Jared is also a bit of a 2-dimensional character. His reason for avoiding Evelyn at the start of the story was essentially down to the fact that a third party told him that they couldn’t be lovers. That’s it. Sure, there’s talk about a prophecy that could lead to his demise but the prophecy is so vague (and doesn’t even really make mention to Nimue) that it makes you wonder how he came to believe it in the first place. His magic also doesn’t seem to have any rules. I was left really unclear as to what exactly he was capable of and how it worked which left gaping holes in my understanding of his character.

The secondary cast are also very weak. Felix (as I have already noted) exists purely for the rape scene and virtually vanishes without a trace when this is over. Similar fates befall both Sally and Madison. Sally gradually fades from the plot as Evelyn uncovers Jared’s secret as her function is fulfilled at this point. Madison virtually walks out of the story after assaulting Evelyn in a locker room and nobody seems to notice. It’s not until close to the climax that the characters seem to realise that she hasn’t been seen since then and perhaps this could be significant. I know that Madison is a bitch but I think I would notice if someone I see every day has vanished regardless of whether I liked them or not. And then there is Ruth, the character who exists purely to exposit the plot. I really assumed that Ruth would turn out to be the bad guy as she seemed to know everything but, alas, no. Despite not being part of the secret society she seemed to know far more about Arthurian lore than the rest of the cast did,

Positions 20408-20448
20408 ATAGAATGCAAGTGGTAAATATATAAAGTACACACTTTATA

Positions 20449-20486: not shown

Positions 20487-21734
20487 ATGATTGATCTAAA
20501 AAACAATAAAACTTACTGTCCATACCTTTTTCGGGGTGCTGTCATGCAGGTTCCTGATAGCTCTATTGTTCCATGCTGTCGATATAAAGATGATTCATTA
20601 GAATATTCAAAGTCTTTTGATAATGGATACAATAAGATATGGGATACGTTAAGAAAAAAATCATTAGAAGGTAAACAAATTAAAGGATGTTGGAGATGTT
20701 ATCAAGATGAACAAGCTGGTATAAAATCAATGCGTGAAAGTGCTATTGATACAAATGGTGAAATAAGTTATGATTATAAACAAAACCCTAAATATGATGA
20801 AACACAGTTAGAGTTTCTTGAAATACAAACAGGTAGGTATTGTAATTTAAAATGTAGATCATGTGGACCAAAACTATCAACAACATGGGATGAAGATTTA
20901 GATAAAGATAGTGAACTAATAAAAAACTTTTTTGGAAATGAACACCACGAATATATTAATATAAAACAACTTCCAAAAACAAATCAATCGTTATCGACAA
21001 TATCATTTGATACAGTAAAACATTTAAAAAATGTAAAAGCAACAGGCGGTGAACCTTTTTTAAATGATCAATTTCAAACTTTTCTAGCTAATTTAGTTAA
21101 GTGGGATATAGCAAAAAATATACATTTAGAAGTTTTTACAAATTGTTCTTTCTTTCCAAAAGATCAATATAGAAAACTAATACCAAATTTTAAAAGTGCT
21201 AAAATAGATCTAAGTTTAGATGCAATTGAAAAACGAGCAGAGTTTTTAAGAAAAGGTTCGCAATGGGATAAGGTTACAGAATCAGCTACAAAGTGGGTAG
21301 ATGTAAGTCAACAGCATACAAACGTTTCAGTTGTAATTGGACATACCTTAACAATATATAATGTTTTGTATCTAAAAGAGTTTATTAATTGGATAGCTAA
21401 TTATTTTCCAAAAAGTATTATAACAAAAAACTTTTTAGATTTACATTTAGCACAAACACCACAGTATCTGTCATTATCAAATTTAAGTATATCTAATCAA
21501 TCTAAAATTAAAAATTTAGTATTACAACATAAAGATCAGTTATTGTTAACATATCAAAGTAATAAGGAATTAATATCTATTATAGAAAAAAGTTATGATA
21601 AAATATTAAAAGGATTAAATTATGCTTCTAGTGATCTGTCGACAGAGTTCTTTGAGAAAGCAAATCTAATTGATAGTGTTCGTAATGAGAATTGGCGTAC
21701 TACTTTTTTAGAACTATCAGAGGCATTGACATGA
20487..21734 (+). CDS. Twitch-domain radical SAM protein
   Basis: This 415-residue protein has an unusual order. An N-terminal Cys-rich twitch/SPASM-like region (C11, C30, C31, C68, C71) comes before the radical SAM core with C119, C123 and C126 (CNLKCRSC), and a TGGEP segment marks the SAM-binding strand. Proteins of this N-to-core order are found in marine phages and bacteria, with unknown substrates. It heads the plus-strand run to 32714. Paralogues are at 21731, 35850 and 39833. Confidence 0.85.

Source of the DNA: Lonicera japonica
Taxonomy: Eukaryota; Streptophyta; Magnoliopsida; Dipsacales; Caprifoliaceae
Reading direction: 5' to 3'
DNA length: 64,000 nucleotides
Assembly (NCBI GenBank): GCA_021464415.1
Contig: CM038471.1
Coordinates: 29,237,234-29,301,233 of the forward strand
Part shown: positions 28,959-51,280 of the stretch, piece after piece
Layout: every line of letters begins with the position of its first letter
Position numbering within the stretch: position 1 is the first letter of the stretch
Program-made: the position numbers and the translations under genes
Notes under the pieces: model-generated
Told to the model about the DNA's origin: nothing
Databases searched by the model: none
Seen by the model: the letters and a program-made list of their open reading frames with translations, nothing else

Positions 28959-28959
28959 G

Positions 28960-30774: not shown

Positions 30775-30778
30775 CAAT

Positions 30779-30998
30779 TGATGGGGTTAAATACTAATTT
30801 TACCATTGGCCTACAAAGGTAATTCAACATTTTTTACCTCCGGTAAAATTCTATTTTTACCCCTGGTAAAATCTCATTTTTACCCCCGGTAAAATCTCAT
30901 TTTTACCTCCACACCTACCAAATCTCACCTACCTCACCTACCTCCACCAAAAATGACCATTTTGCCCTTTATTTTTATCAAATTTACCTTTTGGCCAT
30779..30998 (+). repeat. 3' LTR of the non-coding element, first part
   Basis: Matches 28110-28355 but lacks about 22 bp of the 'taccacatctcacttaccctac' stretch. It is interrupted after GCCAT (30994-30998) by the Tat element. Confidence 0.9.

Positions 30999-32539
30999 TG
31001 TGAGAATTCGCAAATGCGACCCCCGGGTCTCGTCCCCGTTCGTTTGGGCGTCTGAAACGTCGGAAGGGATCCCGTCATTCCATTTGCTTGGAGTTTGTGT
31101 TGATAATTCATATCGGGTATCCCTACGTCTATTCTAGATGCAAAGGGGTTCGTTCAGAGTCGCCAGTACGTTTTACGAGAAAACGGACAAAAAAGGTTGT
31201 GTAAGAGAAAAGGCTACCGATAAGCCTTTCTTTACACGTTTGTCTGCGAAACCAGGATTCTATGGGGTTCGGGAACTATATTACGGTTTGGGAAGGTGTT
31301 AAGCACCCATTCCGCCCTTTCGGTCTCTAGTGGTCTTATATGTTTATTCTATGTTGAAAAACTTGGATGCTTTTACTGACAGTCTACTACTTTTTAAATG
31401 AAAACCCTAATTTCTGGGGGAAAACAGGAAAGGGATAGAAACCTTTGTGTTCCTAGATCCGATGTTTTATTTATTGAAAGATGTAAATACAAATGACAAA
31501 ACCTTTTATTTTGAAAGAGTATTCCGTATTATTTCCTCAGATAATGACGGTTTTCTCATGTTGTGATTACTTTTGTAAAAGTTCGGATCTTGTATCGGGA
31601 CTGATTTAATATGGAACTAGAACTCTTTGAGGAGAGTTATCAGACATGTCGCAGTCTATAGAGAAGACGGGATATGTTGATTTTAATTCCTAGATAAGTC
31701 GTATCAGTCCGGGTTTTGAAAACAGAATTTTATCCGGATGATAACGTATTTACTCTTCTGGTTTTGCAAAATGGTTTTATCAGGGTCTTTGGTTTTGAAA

Finally, there are the villains. Both of these were somewhat flat. Professor Mayflower existed to be a thorn in Evelyn’s side, stopping at nothing to prevent her and Jared from being together with no solid reason for doing so. Morgana was even worse. She never even appeared in the story until the climax and, prior to this, we were just told over and over again about how evil she was. There was no motivation for her actions whatsoever. She just wanted to murder Merlin because of reasons. As you may know I love a decent villain but this novel just completely failed to deliver.

Wow, I’m sorry. This has become my longest review to date and yet I feel I’ve only just scratched the surface. As you may be able to tell, this is not the story for me. While the ideas behind it were original, it had a weak plot, forgettable characters and a very poor translation quality. If a sequel is released, I will probably look at it in a future review but I can honestly say that I’m not keen to return to this world any time soon.

The Concealed is due for release on 1st November 2015 and is currently available to pre-order on Amazon.co.uk

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© Kim Dyer and Arkham Reviews, 2016. Unauthorized use and/or duplication of this material without express and written permission from this blog’s author and/or owner is strictly prohibited. Excerpts and links may be used, provided that full and clear credit is given to Kim Dyer and Arkham Reviews with appropriate and specific direction to the original content.